WASHINGTON — The risk of a default has some Minnesota lawmakers blaming the opposing party as Congress faces a dwindling window to take action.

"What is Joe Biden and his administration willing to give to provide solutions to the debt ceiling crisis and put this country on a better financial path?" House Majority Whip Tom Emmer, a Minnesota Republican, said during a news conference this week. "If he can't answer the question, again, it is Joe Biden and the Democrats who will have to explain to every American why they decided to default for the first time in this nation's history."

The U.S. hit the debt limit in January, and Treasury Secretary Janet Yellen warned House Speaker Kevin McCarthy in a letter Monday that the Treasury could be "unable to pay all the government's bills" as soon as June 1.

Democrats wanted to pass a clean bill raising the debt ceiling, but House Republicans instead packaged an increase with other changes fiercely opposed by the left. Recent negotiations between the White House and McCarthy's team don't appear primed for an imminent breakthrough.

"This doesn't feel like a negotiation," Democratic U.S. Sen. Tina Smith said. "It feels like extortion."

With Republicans in control of the U.S. House and Democrats in charge of the Senate and White House, any final deal would need sizable bipartisan support. That could be a difficult sell for McCarthy, who only narrowly became speaker and is trying to keep the different factions in his party happy.

"I don't think Speaker McCarthy wants a default attached to his legacy," Democratic U.S. Rep. Dean Phillips said.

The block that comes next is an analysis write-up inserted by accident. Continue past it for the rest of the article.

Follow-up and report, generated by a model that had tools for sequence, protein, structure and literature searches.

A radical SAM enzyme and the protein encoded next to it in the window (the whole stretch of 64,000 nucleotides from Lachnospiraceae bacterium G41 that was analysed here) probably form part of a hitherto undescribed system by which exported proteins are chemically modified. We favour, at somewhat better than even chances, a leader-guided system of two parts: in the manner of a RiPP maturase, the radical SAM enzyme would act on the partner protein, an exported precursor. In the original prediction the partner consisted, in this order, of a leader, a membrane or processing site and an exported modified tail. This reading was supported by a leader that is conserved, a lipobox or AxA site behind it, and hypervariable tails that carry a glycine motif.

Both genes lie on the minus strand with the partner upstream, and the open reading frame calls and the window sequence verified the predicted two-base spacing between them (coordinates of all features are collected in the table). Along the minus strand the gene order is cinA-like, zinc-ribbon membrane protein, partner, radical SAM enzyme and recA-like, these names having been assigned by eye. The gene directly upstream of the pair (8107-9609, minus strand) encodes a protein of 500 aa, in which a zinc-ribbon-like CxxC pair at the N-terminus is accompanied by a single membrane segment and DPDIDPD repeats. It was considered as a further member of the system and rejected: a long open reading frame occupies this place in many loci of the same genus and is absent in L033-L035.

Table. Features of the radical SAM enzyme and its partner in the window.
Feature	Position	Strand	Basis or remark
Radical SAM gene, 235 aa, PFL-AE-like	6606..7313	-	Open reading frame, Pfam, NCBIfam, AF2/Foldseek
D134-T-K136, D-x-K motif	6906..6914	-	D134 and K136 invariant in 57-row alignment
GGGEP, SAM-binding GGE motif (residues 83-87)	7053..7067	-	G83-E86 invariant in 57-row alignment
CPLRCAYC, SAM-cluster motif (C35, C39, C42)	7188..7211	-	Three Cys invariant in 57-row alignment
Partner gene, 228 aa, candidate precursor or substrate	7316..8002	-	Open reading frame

Democratic U.S. Sen. Amy Klobuchar said in a statement that "a default would be devastating to our economy" and that "the negotiations must continue to ramp up and be successful."

"Default is completely avoidable. We have come together 78 times before under both Republican and Democratic presidents to avoid a default — and this time should be no different," Klobuchar said.

Asked Tuesday about whether the country would default, GOP U.S. Rep. Michelle Fischbach said, "I think they're going to come to a deal."

"Just takes a little time," she said.

House Republicans narrowly passed a bill in April to increase the debt ceiling, but they paired the move with major curtailing of future spending and other conservative priorities. Every Minnesota Republican in Congress voted for the package, while the state's four House Democrats were opposed.

Republicans' demands have driven some Democrats to push for the president to be prepared to invoke the 14th Amendment. Within Minnesota's delegation, Smith and Rep. Ilhan Omar have been at the forefront of publicly urging Biden to be ready to do so.

In a letter signed by Omar and more than 60 other House progressives, the lawmakers encouraged Biden to invoke the amendment, "which specifically states that 'the validity of the public debt of the United States, authorized by law, including debts incurred … shall not be questioned,' to make federal payments on time."

Republicans have dismissed that tactic. The president turning to the 14th Amendment would likely mean legal challenges, and the White House doesn't appear willing to rely on it in this situation.

"This is not new spending," said Paul Schiff Berman, a law professor at George Washington University. "This is spending that the United States government is already obligated to spend under previous laws. So it's crazy to think that the U.S. government would incur debts and then refuse to pay them, and arguably that is exactly what the 14th Amendment was addressed to."

With time short, it remains to be seen if a deal can be reached.

"I wish the president would have started negotiating 100 days ago," GOP U.S. Rep. Pete Stauber said Tuesday. "He knew this was coming."

And the partisan divide within Minnesota's own delegation showed the tensions around the negotiations.

"What Republicans are doing right now is playing stupid games," Omar said during a Wednesday news conference.